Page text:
In six months the petition has attracted 20,000 signatures. Though this is far short of the 100,000 signatures required to trigger a debate in parliament, its threat to game interests should not be underestimated. The present owner of Raveningham, Sir Nicholas Bacon, considers the petition to be a form of class warfare. What is indisputable is its radicalism. In the 125 years of environmental activism in the UK, the rights of field sportsmen have never faced so direct a legal challenge.

On his blog, Standing Up for Nature, even Avery has previously described an outright ban on driven-grouse shooting as “the nuclear option”. Explaining his change of heart, he said: “We’ve tried the voluntary and collaborative option for decades and it’s got us nowhere. And, remember, it’s not just hen harriers. Some estates are killing everything: red kites, buzzards, golden eagles, peregrines, wild cats, pine martens – anything that affects their sport.

“It has to end. We all know it’s not all driven-grouse moors, but illegal behaviour is indivisible from the whole enterprise and enough is enough.”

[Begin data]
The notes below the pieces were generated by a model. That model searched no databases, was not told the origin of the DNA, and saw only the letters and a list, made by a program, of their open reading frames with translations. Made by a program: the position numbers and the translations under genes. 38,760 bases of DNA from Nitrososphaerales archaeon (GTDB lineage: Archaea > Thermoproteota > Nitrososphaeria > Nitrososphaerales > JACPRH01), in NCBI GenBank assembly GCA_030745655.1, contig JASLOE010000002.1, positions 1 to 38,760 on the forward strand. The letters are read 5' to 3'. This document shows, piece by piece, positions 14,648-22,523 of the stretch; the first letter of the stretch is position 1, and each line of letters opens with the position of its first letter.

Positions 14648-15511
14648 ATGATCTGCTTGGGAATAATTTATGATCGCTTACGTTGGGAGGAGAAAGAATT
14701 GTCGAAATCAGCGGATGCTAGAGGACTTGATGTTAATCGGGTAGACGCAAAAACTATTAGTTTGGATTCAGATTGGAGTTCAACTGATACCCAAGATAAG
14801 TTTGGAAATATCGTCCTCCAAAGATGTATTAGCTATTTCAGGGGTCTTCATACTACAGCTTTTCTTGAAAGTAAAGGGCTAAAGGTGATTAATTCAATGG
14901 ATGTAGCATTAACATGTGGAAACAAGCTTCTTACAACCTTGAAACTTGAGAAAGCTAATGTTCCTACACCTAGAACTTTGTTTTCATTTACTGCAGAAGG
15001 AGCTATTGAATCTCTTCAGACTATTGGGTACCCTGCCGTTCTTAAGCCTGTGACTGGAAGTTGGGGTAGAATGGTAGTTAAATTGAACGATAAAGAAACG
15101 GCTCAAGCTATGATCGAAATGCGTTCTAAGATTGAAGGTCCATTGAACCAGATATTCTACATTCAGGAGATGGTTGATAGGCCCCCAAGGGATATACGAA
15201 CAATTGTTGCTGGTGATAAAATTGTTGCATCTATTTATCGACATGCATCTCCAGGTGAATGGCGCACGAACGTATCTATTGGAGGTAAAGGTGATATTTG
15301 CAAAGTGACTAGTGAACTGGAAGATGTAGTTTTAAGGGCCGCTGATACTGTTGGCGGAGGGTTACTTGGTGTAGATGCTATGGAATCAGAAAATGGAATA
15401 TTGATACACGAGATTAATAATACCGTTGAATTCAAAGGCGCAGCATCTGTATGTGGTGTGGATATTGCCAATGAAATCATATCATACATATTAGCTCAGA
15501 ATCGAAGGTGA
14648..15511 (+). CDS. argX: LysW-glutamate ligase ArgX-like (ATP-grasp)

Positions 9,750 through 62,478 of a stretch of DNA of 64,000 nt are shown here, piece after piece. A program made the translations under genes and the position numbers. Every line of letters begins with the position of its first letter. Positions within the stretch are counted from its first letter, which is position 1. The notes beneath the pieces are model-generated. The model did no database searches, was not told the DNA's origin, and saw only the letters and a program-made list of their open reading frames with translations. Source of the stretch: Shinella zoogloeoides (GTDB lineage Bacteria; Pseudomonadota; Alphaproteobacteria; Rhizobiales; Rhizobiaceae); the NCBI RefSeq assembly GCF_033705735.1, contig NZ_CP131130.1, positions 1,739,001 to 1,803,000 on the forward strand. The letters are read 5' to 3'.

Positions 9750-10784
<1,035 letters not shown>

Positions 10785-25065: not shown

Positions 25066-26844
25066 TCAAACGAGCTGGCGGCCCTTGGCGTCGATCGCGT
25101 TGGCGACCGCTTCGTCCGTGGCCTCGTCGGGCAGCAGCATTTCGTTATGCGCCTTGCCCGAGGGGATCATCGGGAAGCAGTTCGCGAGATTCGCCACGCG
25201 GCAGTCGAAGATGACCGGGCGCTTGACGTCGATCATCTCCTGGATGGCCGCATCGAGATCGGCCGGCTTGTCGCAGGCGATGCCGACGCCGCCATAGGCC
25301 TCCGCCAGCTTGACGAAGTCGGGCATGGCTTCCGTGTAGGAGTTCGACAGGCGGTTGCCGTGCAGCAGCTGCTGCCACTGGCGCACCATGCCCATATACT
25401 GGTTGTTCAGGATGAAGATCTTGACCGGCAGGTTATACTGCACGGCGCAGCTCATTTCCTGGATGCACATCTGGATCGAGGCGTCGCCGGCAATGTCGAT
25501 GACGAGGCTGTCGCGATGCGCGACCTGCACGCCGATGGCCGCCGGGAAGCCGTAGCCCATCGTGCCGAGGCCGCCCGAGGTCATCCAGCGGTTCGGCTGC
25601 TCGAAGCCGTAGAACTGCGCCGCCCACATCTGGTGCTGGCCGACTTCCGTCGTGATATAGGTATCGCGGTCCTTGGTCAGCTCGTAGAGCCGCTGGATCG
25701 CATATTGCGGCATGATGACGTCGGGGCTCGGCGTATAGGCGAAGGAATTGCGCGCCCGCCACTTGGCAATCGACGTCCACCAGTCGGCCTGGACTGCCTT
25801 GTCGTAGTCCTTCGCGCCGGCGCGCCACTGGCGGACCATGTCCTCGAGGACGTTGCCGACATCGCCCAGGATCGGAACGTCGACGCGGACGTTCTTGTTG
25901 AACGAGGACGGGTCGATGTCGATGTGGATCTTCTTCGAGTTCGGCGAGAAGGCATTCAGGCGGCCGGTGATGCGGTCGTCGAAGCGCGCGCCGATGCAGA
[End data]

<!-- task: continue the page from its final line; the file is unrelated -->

***

What may ultimately have a deeper impact on shooting estates is the principle of “vicarious liability”. This was introduced into Scottish law with the Wildlife and Natural Environment Act 2011. Under its provisions, Scottish estate owners can be held responsible for the actions of employees.

The first conviction of a Scottish landowner for wildlife crime perpetrated by another person occurred in December 2014. A Dumfriesshire landowner, Ninian Stewart, was found guilty for the poisoning of a buzzard by his former employee Peter Bell; Stewart was fined £675.

The RSPB’s Shorrock believes that the Scottish law should be adopted across Britain. “It would close a major loophole in legal proceedings, whereby errant owners simply pass blame and responsibility down the line to the keepers and pretend they know nothing about what’s happening on the ground,” he said.

When I raised the subject of vicarious liability among the beat keepers at Raveningham in Norfolk, it was the day’s single source of tension. No one wanted to discuss it, even though it is something that should bring clarity and security to all parties involved in field sports, especially employees. Gamekeepers such as Joe Cullum in the Yare Valley welcome it as a way to ensure that employees like him could not be made scapegoats in cases of wildlife crime.